There are other gluten free pastas made from quinoa, corn, or black beans (available at Costco right now – Darryl is a big fan!). Make sure you check the allergen statement on the package if you are concerned about cross contamination as pasta could be made in a facility that also handles eggs or dairy.
Rice: The least expensive option of all the gluten free grains or pastas is rice. Rice is naturally gluten free, and also one of the least allergenic foods. There are so many varieties of rice to add color and texture to your recipes – white, brown, red, wild, jasmine, and more.
Grains: Millet, teff, buckwheat, and amaranth are all gluten free and can be used in a variety of ways, whether it be as a warm side dish or a base for a cold summer salad.
Quinoa is another gluten free grain that has many benefits – it cooks quickly, it contains a good amount of protein and fiber, and it is a great neutral base for salads, soups, and side dishes. I love the Royal White Quinoa from Chosen Foods – it’s prewashed which means that it’s even easier to use. If you get unwashed quinoa, you do need to take the time to rinse it thoroughly in a strainer before cooking it.
Oats are gluten free as well, but you do want to make sure that you purchase certified gluten free oats as most oats are processed in the same facility as wheat and can contain traces of gluten.
Oils, Vinegar, and Spices
Oil: I keep extra virgin olive oil, coconut oil, a canola/coconut oil blend, and avocado oil in my pantry. Always read the label on oil blends to make sure that there are not any nut or peanut oils listed as an ingredient. Chosen Foods has a good variety of oils, including many avocado oil products. A cooking spray made from avocado oil is a nice product to have on hand to be able to reduce the amount of oil that you are cooking with.
Vinegar: Vinegar can be tricky. Many vinegars are gluten free. However, malt vinegar is made from barley, so it is not safe for those with celiac disease or a gluten allergy. Distilled white vinegar is generally considered safe due to the distilling process, but it could possibly be made from a gluten containing grain, so you may want to avoid it and choose another vinegar. I use Heinz brand white vinegar that is made only from corn and is labeled gluten free.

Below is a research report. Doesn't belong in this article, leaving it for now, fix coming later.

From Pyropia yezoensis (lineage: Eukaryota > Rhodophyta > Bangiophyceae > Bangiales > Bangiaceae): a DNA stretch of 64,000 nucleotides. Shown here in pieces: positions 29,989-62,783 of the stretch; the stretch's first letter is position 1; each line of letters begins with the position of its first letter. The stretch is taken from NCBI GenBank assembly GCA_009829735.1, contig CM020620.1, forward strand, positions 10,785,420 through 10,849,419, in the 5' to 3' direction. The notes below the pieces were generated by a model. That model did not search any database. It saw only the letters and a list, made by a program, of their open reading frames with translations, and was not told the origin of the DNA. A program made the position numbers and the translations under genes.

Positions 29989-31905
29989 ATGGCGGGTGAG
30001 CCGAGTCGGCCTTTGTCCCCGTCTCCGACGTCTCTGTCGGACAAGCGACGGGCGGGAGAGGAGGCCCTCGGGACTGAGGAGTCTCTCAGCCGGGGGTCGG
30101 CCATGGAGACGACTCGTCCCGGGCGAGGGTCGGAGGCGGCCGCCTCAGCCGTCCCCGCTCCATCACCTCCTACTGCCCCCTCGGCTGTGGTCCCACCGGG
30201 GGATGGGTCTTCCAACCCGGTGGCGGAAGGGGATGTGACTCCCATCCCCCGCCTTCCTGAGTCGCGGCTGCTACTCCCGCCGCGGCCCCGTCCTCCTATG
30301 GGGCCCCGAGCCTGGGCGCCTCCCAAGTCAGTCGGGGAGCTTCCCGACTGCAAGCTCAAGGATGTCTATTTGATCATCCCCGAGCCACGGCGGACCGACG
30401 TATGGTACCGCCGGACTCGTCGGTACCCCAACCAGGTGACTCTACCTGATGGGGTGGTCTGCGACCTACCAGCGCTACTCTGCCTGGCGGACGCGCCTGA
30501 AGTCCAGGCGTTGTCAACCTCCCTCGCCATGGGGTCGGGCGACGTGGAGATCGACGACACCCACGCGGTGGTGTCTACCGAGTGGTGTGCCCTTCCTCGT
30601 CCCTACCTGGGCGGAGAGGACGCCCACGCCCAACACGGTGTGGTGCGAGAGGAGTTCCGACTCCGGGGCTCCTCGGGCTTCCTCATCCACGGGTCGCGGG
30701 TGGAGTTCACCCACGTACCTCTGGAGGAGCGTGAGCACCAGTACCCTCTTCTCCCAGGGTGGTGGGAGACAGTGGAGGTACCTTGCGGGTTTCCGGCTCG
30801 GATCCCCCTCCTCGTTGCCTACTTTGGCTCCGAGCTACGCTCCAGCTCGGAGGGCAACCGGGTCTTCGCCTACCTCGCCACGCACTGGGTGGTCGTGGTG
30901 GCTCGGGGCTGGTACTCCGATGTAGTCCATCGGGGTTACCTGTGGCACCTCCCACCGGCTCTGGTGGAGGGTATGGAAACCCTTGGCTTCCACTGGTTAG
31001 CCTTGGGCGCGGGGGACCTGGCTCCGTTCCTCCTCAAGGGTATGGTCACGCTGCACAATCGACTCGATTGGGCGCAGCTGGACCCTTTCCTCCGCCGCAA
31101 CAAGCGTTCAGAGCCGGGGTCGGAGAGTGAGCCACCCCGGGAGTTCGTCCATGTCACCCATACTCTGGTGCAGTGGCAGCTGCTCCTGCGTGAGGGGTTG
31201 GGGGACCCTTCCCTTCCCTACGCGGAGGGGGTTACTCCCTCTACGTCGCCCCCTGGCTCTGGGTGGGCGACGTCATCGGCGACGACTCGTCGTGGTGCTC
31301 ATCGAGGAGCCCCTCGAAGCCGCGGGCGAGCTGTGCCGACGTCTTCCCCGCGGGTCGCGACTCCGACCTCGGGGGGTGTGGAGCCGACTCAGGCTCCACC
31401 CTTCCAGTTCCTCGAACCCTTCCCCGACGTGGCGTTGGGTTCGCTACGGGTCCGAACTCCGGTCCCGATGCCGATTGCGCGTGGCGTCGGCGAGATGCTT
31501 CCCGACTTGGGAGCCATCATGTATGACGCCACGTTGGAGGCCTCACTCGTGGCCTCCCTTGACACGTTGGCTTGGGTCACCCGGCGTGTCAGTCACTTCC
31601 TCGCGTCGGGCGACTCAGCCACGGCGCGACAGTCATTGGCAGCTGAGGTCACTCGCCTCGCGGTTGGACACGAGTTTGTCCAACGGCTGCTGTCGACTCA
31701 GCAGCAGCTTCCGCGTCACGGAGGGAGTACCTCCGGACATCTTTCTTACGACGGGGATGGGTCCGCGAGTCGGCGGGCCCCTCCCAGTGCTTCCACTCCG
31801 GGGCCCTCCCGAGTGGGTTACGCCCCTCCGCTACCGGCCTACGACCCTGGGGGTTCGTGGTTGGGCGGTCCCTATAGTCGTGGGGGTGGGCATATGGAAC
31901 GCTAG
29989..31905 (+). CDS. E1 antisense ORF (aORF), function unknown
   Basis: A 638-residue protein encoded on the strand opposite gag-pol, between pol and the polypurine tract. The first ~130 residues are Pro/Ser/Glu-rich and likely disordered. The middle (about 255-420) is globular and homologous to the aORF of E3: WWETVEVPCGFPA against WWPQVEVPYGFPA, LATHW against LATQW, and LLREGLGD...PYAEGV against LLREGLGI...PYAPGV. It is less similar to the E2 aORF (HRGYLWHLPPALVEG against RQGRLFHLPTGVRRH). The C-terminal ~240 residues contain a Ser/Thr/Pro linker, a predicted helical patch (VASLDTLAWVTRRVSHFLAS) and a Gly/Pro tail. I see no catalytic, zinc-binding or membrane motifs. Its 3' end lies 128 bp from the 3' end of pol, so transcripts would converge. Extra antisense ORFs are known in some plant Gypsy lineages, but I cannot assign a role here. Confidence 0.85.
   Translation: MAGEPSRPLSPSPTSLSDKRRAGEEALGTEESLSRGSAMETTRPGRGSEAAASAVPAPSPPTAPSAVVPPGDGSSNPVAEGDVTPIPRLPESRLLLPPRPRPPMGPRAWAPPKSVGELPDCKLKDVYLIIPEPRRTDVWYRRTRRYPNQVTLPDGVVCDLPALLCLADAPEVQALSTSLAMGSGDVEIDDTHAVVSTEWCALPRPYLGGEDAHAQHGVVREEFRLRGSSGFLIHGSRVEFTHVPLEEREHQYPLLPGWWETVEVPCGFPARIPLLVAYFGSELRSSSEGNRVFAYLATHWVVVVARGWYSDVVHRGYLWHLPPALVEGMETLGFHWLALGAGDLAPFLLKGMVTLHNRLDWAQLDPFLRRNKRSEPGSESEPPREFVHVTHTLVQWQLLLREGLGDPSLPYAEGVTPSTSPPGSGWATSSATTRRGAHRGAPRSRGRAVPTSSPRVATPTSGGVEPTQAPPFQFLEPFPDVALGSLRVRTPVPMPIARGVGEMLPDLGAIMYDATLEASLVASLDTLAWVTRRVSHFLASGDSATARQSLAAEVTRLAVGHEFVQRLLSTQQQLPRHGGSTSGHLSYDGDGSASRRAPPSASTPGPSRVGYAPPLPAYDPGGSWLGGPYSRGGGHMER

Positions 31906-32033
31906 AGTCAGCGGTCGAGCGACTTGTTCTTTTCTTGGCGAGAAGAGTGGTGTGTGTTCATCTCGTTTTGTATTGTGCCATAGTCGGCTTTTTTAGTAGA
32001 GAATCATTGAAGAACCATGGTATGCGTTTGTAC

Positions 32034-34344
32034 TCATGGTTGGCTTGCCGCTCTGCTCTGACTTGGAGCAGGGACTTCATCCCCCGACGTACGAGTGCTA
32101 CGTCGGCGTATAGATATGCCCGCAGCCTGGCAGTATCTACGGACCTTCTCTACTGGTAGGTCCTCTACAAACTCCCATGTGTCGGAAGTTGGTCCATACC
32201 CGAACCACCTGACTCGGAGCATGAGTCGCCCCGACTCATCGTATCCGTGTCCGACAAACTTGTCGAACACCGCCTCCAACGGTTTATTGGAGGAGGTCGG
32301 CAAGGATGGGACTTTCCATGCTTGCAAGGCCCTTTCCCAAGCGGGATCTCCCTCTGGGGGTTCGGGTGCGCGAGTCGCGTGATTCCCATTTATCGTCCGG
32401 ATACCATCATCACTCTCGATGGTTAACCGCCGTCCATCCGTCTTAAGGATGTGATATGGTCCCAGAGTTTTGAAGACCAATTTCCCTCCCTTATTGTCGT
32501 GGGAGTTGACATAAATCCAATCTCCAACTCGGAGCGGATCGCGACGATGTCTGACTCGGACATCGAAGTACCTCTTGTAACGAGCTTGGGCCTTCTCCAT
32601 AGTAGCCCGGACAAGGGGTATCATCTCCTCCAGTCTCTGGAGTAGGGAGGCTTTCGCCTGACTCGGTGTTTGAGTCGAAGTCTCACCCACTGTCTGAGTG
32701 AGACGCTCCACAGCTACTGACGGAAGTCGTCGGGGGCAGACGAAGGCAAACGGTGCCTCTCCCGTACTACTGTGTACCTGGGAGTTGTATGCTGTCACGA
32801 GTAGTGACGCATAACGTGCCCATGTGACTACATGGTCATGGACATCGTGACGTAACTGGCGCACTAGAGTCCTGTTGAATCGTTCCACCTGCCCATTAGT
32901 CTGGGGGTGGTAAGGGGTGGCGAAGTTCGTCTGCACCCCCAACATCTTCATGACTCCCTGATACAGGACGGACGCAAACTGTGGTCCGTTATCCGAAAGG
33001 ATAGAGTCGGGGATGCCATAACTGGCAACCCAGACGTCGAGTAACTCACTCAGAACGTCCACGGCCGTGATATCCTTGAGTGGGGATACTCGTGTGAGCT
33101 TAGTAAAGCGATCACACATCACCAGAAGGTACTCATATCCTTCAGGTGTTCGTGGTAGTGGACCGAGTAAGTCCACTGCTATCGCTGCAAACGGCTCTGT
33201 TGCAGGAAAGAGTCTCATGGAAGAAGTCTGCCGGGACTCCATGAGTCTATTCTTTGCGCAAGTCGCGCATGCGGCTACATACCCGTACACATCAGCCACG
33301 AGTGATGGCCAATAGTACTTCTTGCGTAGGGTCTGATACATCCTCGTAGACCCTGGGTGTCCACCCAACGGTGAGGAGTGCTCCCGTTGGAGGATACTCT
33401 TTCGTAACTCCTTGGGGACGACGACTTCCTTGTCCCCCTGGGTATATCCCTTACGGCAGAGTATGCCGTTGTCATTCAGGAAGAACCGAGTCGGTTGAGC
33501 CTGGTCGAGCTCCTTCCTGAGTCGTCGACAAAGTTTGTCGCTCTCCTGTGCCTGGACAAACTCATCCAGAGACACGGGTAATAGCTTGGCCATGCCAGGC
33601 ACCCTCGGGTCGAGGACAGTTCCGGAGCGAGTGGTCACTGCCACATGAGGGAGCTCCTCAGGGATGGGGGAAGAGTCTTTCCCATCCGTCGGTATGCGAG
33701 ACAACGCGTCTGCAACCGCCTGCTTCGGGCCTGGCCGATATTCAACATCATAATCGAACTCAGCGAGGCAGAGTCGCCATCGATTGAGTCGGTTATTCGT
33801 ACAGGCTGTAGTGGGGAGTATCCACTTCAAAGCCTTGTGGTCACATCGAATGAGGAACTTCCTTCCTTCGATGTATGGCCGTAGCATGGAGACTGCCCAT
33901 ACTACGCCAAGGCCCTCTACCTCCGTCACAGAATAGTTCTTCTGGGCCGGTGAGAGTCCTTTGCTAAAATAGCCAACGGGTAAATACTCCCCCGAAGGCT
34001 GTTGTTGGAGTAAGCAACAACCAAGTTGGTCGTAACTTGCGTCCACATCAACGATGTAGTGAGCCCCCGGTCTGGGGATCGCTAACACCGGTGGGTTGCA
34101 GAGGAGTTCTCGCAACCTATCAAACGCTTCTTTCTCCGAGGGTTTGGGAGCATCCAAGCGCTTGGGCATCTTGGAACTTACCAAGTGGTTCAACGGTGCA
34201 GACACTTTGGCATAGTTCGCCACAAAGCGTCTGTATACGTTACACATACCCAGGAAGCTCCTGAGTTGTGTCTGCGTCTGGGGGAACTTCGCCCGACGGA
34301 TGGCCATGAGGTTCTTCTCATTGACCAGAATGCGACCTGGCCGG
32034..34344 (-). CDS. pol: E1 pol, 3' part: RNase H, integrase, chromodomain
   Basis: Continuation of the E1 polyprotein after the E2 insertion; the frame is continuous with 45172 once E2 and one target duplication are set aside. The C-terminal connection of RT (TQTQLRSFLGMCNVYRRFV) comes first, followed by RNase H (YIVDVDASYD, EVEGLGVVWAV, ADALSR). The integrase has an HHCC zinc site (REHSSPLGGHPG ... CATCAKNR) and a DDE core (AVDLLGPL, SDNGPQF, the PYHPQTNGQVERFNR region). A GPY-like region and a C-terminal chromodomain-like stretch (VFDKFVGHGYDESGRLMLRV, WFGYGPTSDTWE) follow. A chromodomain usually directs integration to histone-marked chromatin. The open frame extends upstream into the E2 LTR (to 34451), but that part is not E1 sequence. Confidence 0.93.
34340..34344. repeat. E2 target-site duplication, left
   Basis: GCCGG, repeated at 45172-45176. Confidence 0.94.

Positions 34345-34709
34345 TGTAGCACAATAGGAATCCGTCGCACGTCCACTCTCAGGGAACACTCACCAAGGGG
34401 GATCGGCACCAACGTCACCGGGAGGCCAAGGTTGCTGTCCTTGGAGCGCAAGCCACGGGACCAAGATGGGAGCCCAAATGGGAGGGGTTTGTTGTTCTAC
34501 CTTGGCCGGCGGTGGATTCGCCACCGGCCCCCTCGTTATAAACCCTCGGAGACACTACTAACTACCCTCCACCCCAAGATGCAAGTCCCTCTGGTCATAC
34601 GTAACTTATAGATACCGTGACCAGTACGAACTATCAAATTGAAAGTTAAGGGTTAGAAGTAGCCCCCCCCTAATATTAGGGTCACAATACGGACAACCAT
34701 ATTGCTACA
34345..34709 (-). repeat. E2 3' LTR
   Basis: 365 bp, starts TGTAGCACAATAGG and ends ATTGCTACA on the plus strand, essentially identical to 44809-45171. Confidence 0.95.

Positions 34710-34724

Spices: A well-stocked pantry is filled with spices, but make sure you read the label – there are often hidden ingredients in some spice blends, such as gluten or soy. There can also be a risk of cross contamination depending on where they are produced, so be sure to check with the company if you are not sure. Pink peppercorns are a hidden allergen that can cause reactions in those with cashew allergies, so beware of peppercorn blends.
Raw Spice Bar makes freshly ground, small batch, specialty spice blends. It is a subscription service that delivers these spices to your door each month. Each month subscribers receive:
- 3-4 freshly ground spice blends from one geography or region, enough to create 3 dishes serving 8-12 people
- 3 kitchen-tested recipe cards, plus additional recipes online
- Surprises like bonus spices, toasting tips, discounts and other fun stuff
There is an allergen statement on Raw Spice Bar spices that states that they are made in a commercial kitchen that handles dairy, nuts, soy, and wheat products. Contact the company for further allergen information as they are changing kitchen locations.
Beans and Seeds
Beans: Our pantry is always stocked with beans. Beans should not be a problem for those with food allergies, but it is important to read the label if you are concerned about cross contamination. We love Eden brand beans because they are non-GMO, organic, and the cans are BPA free. We also buy dried beans and lentils as well. One important thing to note is that it is not safe to purchase beans or anything else from the bulk bins if you have food allergies. There is a huge risk of cross contamination due to people using the same scoops in multiple bins.
Seeds: Sunflower seeds and pumpkin seeds are an awesome alternative to nuts, but are often produced in a facility that also processes tree nuts and peanuts. We love SuperSeedz – I use these pepitas in baking and for snacking. I have also recently heard that DAVID brand sunflower seeds are made in a tree nut and peanut free facility, although they do contain soybean oil. (This is new information to me, and I have not looked at the packaging for this brand, so read the label and check with the company if you have questions). I also am a big fan of Sunbutter – I use it often for making no-bake desserts and for making granola.
There are many non-dairy, allergen free milks that can be stored without refrigeration, like rice milk, hemp milk, coconut milk, and more. I generally use SO Delicious brand milks because although they do process nuts at their facilities, I am comfortable with the process they use to clean and test their equipment to prevent cross contamination.